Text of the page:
A calcium deficiency can make it difficult to fall asleep, so eating foods rich in the nutrient, such as broccoli and kale, milk, yogurt and cheese, can help. (Fotolia / September 4, 2013)

Can't get enough sleep? You're not alone. An estimated 50 million to 70 million U.S. adults don't get enough sleep, according to the U.S. Centers for Disease Control and prevention. But hold that yawn! We've got 5 reasons why you need to get enough sleep for your health--and most importantly, 7 sleep remedies to help you get more shut-eye. How much sleep do you need? Aim for 7-9 hours of sleep each night.

Obviously, sleep is important. Being well-rested makes you more alert and keeps your brain sharp (when you're tired, some brain cells actually nod off during the day) and gives you more energy overall. But sleep does so much more.


1. A stronger immune system

Skimping on sleep can compromise your immune system. A 2012 article in the journal Sleep reported that sleep deprivation had the same effect on the immune system as physical stress--such as from an illness or surgery, or grieving for a loved one.

After sleeping eight hours a night for one week, the men in the study were kept awake for 29 hours. This major sleep deprivation caused an increase in certain white bloods cells that are key players in immune activity.

Another recent study published in the same journal found that shorter sleep duration adversely affected study participants' responses to a standard hepatitis B vaccination. Researchers suggest this decreased antibody response may explain why people who don't get enough sleep are more susceptible to infectious diseases.

2. Younger skin

Researchers at Cornell University found that one night of sleep deprivation may cause your skin to lose elasticity, firmness and moisture. It also makes fine lines and wrinkles more noticeable.

3. Healthier heart

When it comes to heart health, research definitely supports the need for a good snooze. Adults who regularly sleep less than six hours a night have an increased risk of heart attacks and developing high blood pressure compared to those who sleep 7 to 8 hours per night. And 7 to 8 hours might be the magic number. Recent studies have also shown an association between excessive sleep (more than 9 hours a night for adults) and cardiovascular disease.

In one study, researchers observed elevated levels of C-reactive protein--an indicator of heart disease--both in women who slept 5 or fewer hours and also (and even more markedly) in those who slept 9 or more hours. And a large Swedish study reported recently in the European Journal of Epidemiology found an association between short sleep duration (5 hours or less per night) and increased cardiovascular events, such as heart attack and stroke.

4. Trimmer waist

If you sleep enough you can lose weight. Plenty of research confirms that adults who sleep less than six hours a night are at higher risk of being overweight. (Among children, sleeping less than 10 hours can cause unhealthy weight gain.)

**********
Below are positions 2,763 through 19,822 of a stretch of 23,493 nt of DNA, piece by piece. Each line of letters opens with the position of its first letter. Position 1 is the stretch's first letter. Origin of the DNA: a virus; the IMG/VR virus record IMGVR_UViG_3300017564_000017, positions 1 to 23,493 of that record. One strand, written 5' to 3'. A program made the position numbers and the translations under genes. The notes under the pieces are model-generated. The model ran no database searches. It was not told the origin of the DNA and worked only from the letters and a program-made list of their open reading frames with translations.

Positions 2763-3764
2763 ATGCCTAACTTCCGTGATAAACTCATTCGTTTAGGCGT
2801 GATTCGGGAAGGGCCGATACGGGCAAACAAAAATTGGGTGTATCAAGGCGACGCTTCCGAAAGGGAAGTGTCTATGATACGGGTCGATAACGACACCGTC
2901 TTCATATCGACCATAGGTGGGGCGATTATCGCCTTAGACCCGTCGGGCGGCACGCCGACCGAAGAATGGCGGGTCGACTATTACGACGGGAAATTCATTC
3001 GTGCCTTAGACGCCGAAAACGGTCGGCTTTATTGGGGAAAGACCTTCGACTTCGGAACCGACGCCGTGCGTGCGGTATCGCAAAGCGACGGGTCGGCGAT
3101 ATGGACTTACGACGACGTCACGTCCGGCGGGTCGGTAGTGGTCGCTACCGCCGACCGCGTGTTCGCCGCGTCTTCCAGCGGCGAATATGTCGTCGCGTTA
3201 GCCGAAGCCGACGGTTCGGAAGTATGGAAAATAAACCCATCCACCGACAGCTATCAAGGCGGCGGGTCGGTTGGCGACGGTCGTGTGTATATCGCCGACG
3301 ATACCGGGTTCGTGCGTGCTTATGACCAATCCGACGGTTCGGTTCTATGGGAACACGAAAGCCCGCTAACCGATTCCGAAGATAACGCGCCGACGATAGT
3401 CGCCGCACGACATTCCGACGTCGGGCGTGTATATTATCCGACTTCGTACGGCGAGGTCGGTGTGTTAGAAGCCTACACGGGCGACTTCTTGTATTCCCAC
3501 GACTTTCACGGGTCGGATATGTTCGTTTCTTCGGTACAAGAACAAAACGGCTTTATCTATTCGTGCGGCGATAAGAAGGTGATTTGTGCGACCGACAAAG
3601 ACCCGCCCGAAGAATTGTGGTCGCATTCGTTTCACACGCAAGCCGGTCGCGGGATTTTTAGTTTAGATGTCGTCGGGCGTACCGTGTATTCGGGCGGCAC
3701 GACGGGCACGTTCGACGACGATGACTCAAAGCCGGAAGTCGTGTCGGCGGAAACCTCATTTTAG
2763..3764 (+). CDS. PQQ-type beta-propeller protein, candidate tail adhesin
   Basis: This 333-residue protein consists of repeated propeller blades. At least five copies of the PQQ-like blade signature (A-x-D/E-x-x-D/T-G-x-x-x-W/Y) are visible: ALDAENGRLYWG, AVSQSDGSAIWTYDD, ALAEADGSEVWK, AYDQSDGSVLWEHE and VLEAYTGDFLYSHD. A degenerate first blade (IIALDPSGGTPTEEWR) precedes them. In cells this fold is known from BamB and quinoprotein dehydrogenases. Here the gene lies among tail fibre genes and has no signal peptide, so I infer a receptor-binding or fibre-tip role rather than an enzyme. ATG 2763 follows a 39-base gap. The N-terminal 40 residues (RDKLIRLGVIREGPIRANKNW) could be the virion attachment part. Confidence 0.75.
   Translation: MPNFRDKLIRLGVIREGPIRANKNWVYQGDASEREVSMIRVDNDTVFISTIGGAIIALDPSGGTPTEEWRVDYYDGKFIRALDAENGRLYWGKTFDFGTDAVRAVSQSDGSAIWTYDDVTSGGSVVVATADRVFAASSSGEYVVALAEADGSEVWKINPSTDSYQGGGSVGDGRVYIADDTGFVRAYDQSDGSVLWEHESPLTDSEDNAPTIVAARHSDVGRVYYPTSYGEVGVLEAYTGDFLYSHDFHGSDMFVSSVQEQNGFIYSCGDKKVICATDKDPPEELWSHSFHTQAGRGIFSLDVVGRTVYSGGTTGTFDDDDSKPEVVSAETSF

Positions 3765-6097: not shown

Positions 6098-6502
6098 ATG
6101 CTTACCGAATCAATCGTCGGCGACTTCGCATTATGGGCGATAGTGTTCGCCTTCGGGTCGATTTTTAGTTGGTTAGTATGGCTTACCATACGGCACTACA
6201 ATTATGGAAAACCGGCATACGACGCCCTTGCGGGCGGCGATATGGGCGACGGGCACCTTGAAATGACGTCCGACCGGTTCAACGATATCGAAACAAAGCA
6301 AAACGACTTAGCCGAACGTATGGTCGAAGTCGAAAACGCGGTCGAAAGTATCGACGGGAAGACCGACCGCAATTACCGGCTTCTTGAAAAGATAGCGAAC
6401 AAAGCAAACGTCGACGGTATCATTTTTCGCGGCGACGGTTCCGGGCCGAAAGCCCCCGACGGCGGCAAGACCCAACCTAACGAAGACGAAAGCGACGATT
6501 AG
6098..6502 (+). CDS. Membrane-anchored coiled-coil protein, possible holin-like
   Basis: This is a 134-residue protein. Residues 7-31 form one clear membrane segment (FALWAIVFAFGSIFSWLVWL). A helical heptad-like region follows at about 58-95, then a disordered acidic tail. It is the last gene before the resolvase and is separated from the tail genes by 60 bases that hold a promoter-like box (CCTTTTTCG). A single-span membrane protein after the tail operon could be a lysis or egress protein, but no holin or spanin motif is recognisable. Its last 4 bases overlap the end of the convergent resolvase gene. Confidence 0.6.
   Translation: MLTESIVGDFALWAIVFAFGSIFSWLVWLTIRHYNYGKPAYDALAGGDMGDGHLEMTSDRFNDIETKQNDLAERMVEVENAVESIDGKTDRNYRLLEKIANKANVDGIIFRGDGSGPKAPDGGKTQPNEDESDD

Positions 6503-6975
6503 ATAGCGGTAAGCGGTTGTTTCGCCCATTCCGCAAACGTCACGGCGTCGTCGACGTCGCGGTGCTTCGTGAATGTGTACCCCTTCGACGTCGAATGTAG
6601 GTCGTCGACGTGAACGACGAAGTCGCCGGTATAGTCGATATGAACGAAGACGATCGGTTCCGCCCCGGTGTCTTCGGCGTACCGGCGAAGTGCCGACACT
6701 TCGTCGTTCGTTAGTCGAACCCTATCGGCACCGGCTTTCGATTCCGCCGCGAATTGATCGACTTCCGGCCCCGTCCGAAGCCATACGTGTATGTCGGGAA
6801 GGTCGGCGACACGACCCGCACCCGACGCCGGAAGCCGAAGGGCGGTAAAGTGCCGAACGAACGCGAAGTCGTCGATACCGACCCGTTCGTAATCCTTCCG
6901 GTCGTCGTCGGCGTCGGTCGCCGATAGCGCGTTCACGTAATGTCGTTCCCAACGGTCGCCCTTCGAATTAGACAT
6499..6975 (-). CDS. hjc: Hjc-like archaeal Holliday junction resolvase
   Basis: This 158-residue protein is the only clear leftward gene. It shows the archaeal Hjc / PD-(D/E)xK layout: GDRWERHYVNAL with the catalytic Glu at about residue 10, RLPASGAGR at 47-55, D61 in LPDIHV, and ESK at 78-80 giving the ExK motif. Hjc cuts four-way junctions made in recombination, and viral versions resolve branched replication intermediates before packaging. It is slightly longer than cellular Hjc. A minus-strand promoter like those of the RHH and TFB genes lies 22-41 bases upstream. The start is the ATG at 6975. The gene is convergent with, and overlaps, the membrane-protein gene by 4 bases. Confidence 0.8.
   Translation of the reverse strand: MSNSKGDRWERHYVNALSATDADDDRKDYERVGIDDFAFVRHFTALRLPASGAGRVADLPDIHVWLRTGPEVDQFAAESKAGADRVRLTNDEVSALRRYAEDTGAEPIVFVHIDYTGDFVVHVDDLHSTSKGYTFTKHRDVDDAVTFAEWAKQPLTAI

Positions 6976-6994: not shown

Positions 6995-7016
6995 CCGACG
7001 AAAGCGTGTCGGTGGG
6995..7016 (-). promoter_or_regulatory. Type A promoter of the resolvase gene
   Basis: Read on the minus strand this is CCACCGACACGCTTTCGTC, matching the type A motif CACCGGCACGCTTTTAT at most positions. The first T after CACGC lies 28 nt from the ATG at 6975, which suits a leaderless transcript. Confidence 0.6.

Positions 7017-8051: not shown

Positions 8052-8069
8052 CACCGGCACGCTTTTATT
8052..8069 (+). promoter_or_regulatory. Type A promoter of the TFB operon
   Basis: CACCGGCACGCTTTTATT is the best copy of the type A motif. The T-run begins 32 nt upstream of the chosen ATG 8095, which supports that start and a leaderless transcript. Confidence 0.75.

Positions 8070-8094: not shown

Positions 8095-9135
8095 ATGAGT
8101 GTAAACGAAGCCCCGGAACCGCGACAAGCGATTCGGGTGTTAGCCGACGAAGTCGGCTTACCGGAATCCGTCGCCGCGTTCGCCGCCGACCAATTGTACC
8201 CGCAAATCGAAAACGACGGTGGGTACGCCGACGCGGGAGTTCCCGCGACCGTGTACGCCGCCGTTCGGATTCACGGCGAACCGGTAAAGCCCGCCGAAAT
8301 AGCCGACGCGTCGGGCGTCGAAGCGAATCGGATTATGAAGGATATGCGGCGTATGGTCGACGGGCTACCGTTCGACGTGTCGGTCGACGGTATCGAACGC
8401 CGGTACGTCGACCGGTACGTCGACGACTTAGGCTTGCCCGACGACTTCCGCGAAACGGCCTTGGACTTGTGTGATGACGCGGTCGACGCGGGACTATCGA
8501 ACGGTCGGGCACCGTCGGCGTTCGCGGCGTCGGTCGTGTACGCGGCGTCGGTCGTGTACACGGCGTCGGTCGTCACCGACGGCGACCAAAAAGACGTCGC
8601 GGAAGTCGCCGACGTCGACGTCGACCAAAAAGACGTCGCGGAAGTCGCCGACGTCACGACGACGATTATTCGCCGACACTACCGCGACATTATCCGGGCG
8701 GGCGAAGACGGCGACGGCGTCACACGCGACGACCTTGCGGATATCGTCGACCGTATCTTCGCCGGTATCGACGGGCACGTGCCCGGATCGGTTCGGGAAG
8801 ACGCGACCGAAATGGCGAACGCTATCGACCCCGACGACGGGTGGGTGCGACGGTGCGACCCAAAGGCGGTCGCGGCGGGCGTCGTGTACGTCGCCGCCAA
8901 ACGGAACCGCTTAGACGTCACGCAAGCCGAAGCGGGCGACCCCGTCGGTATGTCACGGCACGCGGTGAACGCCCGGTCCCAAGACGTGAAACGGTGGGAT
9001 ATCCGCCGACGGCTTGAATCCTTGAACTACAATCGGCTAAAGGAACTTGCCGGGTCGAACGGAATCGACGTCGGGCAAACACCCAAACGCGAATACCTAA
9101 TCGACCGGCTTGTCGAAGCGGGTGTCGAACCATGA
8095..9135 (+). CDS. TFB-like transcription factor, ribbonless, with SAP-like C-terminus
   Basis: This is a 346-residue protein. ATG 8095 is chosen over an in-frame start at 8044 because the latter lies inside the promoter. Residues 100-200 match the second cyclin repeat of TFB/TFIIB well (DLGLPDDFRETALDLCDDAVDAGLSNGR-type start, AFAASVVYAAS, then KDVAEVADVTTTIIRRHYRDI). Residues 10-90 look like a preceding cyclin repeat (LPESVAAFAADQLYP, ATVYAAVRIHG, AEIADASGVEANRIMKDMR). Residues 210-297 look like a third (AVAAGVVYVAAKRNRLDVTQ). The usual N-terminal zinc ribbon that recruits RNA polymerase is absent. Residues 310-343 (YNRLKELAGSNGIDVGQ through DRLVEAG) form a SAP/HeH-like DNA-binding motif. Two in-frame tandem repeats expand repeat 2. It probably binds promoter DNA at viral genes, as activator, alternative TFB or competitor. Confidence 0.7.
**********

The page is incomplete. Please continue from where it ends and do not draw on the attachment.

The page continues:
According to a recent study at the University of Colorado, the effect of sleep may be even more powerful than we realized. The new study indicates that even just a few sleepless nights in a row can cause almost instant weight gain. Participants gained on average two pounds after one week of five-hour nights. Granted, the study was small--16 men and women were tracked for two weeks--but it may have real-world implications.

One reason for this weight gain is because a lack of sleep increases hunger and appetite. Researchers have found a biochemical reason for this: Insufficient sleep can decrease levels of leptin--a hormone that tells us when we've eaten enough and suppresses appetite--and increase ghrelin, a hormone that signals the body to eat by stimulating hunger.

Not only does lack of sleep trigger appetite, it also increases the craving for high-fat, high-carbohydrate foods--aka junk foods. Researchers at Harvard University, for example, found that if you've missed even just an hour or two of sleep, you're more likely to give in to junk food the next day. Other researchers concur, and some brain-imaging studies have even depicted sleep deprivation activating the "junk-food pleasure centers" of the brain.

And there are even more weighty reasons for giving your tired body more sleep. In a small study in the Annals of Internal Medicine, researchers found that when dieters slept 5 hours a night for two weeks, they burned less fat and more muscle than those who slept 8 hours.

A Swedish study published in Sleep Medicine showed that in women under age 50, sleeping less than five hours or more than 10 hours per night was associated with a larger weight size and abdominal fat. Cortisol secretion (the stress hormone linked to belly-fat accumulation) is at its lowest at night, but sleep loss boosts cortisol the day after a night of poor sleep.